Across Massachusetts, cities and towns are leading the way to a future powered entirely by clean, renewable energy. Municipal officials and staff — working together with citizen activists, volunteers, nonprofit organizations, and businesses — are taking ambitious steps to reduce fossil fuel consumption and increase the use of renewable energy.
The Trump administration has proposed opening much of the Atlantic, Pacific and Arctic oceans off the U.S. coast to offshore oil and gas drilling. The environmental dangers posed by offshore oil spills, such as the 2010 Deepwater Horizon spill in the Gulf of Mexico, are well known. The damage to the environment, communities and public health from the onshore infrastructure needed to support offshore drilling is less well known, but no less real.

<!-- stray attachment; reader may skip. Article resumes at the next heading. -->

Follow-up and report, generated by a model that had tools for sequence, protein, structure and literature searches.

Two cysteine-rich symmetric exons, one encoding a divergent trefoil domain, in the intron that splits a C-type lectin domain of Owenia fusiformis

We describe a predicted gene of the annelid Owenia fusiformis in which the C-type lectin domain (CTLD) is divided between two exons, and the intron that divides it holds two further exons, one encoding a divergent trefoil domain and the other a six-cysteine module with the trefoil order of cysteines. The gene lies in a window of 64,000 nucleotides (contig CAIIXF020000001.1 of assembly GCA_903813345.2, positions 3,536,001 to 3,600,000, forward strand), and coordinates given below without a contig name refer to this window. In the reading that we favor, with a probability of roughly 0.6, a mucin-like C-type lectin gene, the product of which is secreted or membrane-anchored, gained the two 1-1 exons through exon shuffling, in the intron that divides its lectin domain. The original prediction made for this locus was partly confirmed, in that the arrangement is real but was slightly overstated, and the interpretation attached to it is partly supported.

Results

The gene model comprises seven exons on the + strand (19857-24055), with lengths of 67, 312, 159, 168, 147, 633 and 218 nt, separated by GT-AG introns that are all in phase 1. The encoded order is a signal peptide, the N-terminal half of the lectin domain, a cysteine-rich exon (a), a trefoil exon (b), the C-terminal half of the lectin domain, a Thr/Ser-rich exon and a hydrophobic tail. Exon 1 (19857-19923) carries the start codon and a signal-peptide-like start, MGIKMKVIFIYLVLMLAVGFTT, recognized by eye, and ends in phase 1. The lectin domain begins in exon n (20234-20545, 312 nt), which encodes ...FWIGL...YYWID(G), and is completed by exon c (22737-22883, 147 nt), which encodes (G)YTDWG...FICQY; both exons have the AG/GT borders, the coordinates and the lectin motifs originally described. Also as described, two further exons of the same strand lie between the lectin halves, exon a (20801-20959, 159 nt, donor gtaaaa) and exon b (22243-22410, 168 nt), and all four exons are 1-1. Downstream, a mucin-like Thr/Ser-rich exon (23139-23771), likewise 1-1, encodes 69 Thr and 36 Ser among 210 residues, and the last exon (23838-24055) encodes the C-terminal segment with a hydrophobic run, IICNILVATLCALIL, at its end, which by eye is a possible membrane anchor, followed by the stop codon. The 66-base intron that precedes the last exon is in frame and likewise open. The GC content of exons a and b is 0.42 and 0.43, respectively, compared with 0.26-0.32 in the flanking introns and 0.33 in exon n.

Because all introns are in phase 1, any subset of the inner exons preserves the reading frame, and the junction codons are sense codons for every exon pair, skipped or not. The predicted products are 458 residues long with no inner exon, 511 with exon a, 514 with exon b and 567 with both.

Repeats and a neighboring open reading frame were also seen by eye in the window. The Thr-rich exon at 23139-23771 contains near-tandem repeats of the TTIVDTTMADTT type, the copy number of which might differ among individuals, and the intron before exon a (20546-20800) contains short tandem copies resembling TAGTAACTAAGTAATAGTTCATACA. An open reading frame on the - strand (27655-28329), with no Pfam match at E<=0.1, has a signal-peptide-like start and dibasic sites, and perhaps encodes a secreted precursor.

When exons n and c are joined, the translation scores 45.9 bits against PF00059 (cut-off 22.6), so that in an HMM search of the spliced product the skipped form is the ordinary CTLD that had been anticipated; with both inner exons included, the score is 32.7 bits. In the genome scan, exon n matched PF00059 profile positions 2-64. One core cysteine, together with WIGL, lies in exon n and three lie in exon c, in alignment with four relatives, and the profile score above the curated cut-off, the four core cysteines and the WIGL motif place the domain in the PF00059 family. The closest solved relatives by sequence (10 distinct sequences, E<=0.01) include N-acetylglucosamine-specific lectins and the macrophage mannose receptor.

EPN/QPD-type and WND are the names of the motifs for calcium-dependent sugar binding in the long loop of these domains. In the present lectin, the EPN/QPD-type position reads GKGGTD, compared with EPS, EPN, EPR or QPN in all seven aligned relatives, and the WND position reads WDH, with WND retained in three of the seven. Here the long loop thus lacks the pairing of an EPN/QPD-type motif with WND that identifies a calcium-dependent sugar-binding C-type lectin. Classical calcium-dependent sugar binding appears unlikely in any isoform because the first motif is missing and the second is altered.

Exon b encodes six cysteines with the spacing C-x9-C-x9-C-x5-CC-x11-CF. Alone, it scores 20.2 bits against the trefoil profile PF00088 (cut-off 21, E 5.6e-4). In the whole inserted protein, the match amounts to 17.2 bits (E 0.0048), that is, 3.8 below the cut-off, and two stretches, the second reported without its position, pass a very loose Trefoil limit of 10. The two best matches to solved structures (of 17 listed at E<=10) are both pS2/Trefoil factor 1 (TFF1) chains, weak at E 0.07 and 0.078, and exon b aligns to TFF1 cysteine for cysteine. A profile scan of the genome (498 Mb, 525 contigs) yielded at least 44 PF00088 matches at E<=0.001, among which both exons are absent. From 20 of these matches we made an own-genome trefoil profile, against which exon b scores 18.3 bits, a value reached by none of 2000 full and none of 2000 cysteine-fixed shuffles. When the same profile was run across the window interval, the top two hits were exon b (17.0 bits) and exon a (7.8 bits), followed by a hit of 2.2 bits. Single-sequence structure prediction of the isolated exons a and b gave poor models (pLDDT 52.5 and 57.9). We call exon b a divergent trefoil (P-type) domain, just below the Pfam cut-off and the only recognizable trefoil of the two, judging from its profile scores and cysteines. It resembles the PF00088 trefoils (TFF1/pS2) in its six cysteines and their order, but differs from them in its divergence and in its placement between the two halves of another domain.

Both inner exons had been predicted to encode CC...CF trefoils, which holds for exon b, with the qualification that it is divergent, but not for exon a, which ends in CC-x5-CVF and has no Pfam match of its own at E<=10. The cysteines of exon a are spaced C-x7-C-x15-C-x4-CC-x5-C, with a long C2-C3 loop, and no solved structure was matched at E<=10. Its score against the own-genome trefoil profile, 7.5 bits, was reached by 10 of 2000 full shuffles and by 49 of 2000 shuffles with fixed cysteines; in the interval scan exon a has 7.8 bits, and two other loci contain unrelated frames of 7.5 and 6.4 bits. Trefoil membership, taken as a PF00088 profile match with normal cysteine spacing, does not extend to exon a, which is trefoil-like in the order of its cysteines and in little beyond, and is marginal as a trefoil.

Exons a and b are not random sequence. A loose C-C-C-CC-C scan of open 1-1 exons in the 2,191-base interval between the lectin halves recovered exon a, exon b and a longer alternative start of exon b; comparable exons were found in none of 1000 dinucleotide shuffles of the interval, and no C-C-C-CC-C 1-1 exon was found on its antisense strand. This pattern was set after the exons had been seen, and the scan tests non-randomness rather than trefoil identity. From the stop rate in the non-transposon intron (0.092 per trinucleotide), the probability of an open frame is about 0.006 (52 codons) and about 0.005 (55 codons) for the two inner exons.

An analysis of bacteria sampling data from beaches in 29 coastal and Great Lakes states and Puerto Rico reveals that 2,580 beach sites – more than half of all sites tested – were potentially unsafe for swimming on at least one day in 2018, and 546 sites were potentially unsafe at least 25 percent of the days that sampling took place.
Across Massachusetts, cities and towns are leading the way to 100% renewable energy with innovative policies and programs to increase renewable electricity, energy efficiency, clean heating and transportation, and energy storage.
Environment Massachusetts Research and Policy Center is part of The Public Interest Network, which operates and supports organizations committed to a shared vision of a better world and a strategic approach to social change.